‘All endings are also beginnings. We just don’t know it at the time…’
On his eighty-third birthday, Eddie, a lonely war veteran, dies in a tragic accident trying to save a little girl from a falling cart. With his final breath, he feels two small hands in his – and then nothing. He awakens in the afterlife, where he learns that heaven is not a lush Garden of Eden but a place where earthly life is explained to you by five people who were in it. These people may have been loved ones or distant strangers. Yet each of them changed your path forever. (Goodreads).
I enjoyed this book as the plot was extremely interesting to me. Afterlife is something that *almost* everyone is at least slightly intrigued about. The unknown is interesting and scary, and so I was intrigued by the idea of reliving your life through five people present in it. Through this concept we see moments and insights into Eddie’s history and the impact that his actions have had on other people throughout his life (some of which he does not know of until death). The figures he meets vary in the length of time present in his life or the impact they had on him, which I again found interesting. Every meeting seemingly has a moral to their part of the story, which I also enjoyed. It reaffirmed the idea that there is something to be learned from all experiences. It really made me consider my actions through life and who I would want to see or what stories those people could tell of my life.
I read this book the week after losing my grandfather, and in an odd way it comforted me. I can’t explain how, but I felt like I needed this read at this time.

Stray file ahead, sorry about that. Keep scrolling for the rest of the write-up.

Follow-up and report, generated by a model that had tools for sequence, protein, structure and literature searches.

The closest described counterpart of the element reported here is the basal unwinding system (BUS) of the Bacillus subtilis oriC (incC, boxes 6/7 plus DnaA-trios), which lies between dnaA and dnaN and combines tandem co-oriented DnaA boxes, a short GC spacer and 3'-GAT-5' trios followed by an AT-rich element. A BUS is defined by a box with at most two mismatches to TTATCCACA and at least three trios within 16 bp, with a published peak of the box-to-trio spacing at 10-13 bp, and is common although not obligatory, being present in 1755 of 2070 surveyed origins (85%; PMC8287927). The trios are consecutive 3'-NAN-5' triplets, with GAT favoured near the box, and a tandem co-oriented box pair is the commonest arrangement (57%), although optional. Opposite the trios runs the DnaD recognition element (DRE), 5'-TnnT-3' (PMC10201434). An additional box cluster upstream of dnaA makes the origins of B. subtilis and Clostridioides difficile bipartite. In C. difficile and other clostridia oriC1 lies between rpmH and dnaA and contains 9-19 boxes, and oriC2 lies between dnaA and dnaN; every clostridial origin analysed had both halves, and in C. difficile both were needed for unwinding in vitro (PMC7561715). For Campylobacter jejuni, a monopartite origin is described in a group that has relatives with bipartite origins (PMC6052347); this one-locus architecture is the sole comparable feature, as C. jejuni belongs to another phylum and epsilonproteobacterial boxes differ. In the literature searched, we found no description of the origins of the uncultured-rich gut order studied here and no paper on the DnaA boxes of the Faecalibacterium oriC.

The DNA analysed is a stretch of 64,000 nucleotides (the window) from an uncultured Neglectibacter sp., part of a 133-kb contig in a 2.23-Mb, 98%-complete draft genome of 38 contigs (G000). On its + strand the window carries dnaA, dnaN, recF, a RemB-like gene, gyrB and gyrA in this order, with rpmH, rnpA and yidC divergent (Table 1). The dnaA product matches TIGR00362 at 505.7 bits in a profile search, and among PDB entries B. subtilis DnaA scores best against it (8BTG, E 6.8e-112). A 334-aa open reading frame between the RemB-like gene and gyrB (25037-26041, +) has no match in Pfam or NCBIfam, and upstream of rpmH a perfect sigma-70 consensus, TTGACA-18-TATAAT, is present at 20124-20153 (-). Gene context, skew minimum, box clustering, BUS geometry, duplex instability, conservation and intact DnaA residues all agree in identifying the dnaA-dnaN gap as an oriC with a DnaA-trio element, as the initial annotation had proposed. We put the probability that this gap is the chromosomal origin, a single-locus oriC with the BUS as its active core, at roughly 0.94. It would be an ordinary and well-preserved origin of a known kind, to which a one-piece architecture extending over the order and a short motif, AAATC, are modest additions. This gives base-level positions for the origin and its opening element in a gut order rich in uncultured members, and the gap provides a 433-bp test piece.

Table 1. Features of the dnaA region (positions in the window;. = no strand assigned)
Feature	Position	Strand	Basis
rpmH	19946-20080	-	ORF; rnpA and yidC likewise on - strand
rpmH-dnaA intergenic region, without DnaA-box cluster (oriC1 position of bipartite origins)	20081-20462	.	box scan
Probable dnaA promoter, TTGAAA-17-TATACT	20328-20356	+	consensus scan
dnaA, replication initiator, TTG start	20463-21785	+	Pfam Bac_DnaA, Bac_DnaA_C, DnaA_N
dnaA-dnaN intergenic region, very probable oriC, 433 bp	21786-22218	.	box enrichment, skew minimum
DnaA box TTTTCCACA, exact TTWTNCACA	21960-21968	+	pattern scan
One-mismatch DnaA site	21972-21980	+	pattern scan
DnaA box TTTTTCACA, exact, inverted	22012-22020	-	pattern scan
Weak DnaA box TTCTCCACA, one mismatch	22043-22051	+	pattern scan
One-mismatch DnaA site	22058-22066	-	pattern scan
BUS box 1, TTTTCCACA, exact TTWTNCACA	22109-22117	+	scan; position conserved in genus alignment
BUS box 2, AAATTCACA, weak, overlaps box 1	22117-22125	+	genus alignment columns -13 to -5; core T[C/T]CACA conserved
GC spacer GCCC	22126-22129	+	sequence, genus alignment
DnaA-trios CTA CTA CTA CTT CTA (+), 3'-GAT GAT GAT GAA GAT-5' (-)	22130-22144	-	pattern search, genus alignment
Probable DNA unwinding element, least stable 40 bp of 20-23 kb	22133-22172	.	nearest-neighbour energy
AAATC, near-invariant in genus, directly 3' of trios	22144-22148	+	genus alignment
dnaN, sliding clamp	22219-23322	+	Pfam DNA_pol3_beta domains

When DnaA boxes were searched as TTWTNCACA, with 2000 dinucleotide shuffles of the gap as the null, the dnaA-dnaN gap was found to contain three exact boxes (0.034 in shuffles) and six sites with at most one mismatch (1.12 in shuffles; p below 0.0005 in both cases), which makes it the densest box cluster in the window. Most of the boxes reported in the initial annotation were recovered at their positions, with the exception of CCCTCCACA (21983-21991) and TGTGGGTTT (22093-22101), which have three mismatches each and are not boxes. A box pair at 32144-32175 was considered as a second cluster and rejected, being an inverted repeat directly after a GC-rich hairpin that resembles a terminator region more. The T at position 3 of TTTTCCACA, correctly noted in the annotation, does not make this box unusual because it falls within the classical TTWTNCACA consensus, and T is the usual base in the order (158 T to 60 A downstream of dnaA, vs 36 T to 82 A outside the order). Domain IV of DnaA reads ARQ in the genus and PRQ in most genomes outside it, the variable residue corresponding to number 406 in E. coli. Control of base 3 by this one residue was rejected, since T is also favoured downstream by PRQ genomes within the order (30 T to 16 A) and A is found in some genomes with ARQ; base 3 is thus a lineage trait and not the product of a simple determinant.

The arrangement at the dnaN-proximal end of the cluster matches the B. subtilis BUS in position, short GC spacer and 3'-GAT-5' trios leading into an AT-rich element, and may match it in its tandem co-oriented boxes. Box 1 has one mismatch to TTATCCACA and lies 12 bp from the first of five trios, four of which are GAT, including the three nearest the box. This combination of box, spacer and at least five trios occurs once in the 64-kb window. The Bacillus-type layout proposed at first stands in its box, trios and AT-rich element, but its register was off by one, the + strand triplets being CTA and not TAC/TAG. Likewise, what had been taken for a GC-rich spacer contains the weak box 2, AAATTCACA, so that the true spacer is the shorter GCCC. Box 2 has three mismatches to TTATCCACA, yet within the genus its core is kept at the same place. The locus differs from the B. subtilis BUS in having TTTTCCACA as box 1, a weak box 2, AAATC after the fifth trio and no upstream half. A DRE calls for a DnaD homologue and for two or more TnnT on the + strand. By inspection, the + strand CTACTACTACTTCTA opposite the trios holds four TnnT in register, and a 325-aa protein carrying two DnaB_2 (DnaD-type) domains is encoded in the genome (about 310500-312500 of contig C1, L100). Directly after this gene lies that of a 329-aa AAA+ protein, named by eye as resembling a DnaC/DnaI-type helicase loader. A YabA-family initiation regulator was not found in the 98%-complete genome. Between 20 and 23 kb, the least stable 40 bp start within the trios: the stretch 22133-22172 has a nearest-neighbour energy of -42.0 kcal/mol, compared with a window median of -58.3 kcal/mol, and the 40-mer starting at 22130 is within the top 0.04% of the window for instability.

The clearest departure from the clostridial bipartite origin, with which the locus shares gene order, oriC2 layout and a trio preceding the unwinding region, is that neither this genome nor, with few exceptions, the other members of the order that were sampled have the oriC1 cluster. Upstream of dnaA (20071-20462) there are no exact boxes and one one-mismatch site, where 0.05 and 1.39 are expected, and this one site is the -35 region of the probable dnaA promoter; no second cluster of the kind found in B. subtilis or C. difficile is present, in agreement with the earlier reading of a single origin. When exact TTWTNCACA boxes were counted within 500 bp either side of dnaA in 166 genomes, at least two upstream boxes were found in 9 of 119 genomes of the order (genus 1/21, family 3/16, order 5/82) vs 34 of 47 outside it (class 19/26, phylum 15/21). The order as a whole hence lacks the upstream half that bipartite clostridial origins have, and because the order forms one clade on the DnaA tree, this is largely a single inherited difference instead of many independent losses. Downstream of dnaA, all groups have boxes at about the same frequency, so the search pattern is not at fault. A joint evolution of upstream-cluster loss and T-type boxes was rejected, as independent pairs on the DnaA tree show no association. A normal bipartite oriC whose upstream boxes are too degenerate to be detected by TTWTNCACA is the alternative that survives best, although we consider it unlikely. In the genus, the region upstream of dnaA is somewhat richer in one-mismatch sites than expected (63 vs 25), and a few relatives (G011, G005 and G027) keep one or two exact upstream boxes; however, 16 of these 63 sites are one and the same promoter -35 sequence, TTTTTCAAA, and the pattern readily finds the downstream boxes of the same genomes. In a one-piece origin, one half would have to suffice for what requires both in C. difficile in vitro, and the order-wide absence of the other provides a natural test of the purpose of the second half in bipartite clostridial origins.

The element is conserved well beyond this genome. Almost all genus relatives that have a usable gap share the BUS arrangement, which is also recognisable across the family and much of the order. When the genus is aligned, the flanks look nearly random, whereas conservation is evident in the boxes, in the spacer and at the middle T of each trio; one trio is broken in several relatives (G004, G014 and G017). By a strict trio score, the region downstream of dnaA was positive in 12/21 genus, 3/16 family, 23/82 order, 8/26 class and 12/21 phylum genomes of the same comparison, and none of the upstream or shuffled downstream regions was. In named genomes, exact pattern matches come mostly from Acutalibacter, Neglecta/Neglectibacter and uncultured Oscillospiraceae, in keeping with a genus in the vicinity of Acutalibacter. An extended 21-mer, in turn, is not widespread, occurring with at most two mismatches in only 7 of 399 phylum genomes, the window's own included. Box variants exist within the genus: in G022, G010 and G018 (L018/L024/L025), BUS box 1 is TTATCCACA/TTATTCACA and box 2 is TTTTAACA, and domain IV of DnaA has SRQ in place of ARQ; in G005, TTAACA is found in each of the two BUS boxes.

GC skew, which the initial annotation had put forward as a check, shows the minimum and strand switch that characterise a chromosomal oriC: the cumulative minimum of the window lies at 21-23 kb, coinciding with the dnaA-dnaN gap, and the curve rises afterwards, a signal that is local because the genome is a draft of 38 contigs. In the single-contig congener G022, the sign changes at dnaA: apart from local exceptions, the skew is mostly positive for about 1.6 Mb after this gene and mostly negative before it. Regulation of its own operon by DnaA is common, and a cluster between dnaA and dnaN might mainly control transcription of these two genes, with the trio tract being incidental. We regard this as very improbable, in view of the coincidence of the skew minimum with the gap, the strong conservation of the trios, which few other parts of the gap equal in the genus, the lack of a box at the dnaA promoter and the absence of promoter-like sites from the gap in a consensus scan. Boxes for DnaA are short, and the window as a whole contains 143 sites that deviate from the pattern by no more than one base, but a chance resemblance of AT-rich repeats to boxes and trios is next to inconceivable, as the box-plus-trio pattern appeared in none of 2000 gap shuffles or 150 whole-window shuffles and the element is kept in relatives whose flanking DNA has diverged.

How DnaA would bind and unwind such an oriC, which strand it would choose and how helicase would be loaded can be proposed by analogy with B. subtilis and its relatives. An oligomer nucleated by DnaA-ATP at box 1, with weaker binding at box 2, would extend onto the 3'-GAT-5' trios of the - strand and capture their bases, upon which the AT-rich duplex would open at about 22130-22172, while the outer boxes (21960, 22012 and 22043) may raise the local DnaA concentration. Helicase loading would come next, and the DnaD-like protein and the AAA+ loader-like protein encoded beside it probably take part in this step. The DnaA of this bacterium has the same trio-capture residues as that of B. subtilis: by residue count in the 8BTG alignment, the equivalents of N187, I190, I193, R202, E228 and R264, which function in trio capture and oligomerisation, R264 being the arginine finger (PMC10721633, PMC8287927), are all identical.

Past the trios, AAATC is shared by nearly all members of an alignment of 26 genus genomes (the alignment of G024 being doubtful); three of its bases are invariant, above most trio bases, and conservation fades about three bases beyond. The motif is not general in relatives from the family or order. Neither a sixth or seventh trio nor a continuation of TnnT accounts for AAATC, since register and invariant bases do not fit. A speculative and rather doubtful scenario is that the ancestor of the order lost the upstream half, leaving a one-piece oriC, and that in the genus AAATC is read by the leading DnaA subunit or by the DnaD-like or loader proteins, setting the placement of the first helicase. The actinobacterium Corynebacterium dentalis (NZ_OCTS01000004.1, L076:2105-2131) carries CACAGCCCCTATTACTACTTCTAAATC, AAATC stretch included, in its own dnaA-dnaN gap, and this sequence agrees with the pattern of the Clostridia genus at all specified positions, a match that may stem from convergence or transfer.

“Holding anger is a poison…It eats you from inside…We think that by hating someone we hurt them…But hatred is a curved blade…and the harm we do to others…we also do to ourselves.”
The plot was both heartwarming in points, sad in others, and at times quite dark. I enjoyed the writing, and found myself writing down several quotes because they impacted me. I found the writing poetic and poignant at points, while not constant throughout.
“Parents rarely let go of their children, so children let go of them. They move on. They move away. The moments that used to define them – a mother’s approval, a father’s nod – are covered by moments of their own accomplishments. It is not until much later, as the skin sags and the heart weakens, that children understand; their stories, and all their accomplishments, sit atop the stories of their mothers and fathers, stones upon stones, beneath the waters of their lives.”
I do not have a lot to say about this book, but I feel that it is definitely worth a read if you are interested in different perspectives or views regarding afterlife or what lies beyond death and what our lives mean to those around us and the consequences of our actions. I definitely feel that my perception of this book was altered by the circumstances under which I read it, however I would still recommend it to anyone!